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The San Diego Museum of Art Receives Significant Collection from Sana Art Foundation
Necklace (lei niho palaoa), 19th century. Polynesia: Hawai’i. Whale ivory, human hair, and sennit. Sana Art Foundation Collection.

SAN DIEGO, CA.- The San Diego Museum of Art is acquiring a significant collection of works of art from Africa, Oceania, and the Americas (AOA) as part of a newly formed alliance with the Sana Art Foundation, one of the largest collections of its kind in Southern California.

The alliance includes the transfer from the Foundation to the Museum of more than 900 works of art from these regions across the globe. This transfer will increase the Museum’s collection of African art from fewer than one hundred pieces to several hundred items, and it will have an even greater impact on the size and scope of the Oceanic collection.

As the region’s largest art museum, The San Diego Museum of Art is dedicated to presenting and interpreting this historically underrepresented field in an encyclopedic context. In ongoing and changing displays, the Museum will provide a meaningful context for the understanding and appreciation of the sheer breadth and diversity of art from AOA. Furthermore, the Museum looks forward as an institution to celebrating and exploring the rightful place these works have in the world of great art.

“The arrival of the Sana Foundation Collection inaugurates a new era for The San Diego Museum of Art,” said Derrick Cartwright, Executive Director of the Museum. “I wish to thank Edward and Mina Smith for the generous instinct that has led them to transfer such a large group of African, Oceanic, and Native American works to the Museum. Gifts such as these are crucial to the Museum’s ongoing success in collections growth and in serving the entire community.”

Diverse pieces from the Foundation such as tapa cloth (kapa moe) (ca. 1850–60), from Polynesia (Hawai’i); an ornament (kapkap) (early 20th century), from Melanesia (Solomon Islands, Santa Cruz); and a necklace (lei niho palaoa) (19th century), from Polynesia (Hawai’i) are featured in the exhibition Oceanic Art: A Celebration of Form, currently on view at the Museum.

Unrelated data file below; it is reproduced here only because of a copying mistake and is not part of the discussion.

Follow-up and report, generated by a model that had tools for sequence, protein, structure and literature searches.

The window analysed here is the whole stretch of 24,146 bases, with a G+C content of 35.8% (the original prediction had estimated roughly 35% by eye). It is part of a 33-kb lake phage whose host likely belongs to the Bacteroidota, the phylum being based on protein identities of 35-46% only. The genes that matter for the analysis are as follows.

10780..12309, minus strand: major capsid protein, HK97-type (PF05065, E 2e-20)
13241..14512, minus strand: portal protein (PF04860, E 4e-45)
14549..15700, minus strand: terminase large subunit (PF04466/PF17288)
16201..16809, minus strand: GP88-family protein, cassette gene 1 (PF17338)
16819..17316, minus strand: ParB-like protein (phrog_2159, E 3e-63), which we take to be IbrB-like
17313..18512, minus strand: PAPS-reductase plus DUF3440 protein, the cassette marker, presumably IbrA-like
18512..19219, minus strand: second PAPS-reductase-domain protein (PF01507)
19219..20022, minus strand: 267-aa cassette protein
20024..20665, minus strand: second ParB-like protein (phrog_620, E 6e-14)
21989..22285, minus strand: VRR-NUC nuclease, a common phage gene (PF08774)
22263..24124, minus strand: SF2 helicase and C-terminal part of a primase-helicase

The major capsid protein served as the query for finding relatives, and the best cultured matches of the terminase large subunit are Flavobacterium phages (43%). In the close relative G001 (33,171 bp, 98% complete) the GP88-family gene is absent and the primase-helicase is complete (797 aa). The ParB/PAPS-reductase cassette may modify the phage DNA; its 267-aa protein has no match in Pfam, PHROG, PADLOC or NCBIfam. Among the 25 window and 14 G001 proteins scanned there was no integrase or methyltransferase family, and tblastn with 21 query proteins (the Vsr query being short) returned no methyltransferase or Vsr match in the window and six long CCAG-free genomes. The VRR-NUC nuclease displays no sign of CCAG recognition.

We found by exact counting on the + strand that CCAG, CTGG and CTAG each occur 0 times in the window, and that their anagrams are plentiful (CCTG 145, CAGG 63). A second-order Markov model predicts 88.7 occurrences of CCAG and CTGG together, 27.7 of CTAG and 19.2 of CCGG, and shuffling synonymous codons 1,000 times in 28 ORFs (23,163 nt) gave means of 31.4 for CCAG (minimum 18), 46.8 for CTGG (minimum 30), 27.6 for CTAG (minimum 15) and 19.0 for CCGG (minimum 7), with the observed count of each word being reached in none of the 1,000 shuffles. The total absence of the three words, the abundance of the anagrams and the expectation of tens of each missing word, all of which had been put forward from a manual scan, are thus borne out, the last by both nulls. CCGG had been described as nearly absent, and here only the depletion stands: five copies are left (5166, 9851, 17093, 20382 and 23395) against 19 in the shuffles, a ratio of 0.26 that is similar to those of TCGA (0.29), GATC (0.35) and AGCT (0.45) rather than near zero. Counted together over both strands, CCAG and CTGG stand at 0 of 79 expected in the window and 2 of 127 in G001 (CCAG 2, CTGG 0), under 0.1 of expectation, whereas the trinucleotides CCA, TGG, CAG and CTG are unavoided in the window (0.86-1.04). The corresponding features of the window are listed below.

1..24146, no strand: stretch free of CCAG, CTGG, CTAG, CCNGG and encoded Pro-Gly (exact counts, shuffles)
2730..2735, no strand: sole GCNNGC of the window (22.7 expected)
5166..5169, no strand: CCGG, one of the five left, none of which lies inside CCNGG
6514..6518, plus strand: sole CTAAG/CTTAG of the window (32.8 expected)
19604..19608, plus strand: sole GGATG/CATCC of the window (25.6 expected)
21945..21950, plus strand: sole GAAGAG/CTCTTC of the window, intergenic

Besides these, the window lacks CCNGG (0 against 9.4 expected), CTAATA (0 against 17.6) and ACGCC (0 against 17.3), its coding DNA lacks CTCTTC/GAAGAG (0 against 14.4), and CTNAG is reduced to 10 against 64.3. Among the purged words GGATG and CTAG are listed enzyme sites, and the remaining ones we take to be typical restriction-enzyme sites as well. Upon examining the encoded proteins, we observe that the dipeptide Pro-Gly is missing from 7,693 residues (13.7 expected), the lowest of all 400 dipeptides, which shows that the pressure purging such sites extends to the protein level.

A combined effort between the Sana Art Foundation, the Valerie Franklin Collection, and The San Diego Museum of Art, this is the first exhibition to document the Museum’s exploration of this broad area of non-Western art.

The Franklin Collection has long been recognized as a distinguished collection of non-Western art — as with the Sana Foundation, the Museum is fortunate to have forged a productive relationship with Valerie Franklin who, together with her father, has been instrumental in forming many major museum collections of African, Oceanic, and Native American arts in this country. Oceanic Art runs through January 3, 2010.

Dr. Barbara Blackmun, Professor Emerita, Mesa College, and vice chair of The San Diego Museum of Art’s African Arts Council, states “The Sana Foundation collection was formed to preserve wonderful works of art for future generations. Especially noteworthy among these are the treasures that come from the rare and stellar 19th-century Prynnsberg Estate in Southeastern Africa. The San Diego Museum of Art is fortunate to be the recipient of this Foundation’s generosity.”

The transfer of the collection from the Sana Art Foundation to The San Diego Museum of Art ensures that the collection will be housed, researched, and displayed for future generations. The Museum is planning a rich array of programs to dovetail with new displays of works from this collection and others in its galleries over the next years. In addition to the vast collection of art, a substantial number of books pertaining to the arts of Africa, Oceania, and the Americas have been donated to the Museum library. The books, which are now being catalogued, will be available for public use.

“We are honored that we could play a small part in assisting The San Diego Museum of Art achieve its goal of becoming an encyclopedic museum, and we are excited about the future of the arts of AOA at the Museum and the opportunity to make this work accessible to a wider public,” said Mina Wilkie-Smith, Managing Director of the Sana Foundation. “Sana is thankful to the loyal support of its dedicated members, scholars, students, staff, and volunteers, who enabled us over the past thirteen years to grow our collections and library and offer a diverse array of exhibitions, lectures, and publications. We feel that this momentum will only continue to build at The San Diego Museum of Art.”

The San Diego Museum of Art | Africa | Oceania | Americas | Sana Art Foundation | San Diego | California |

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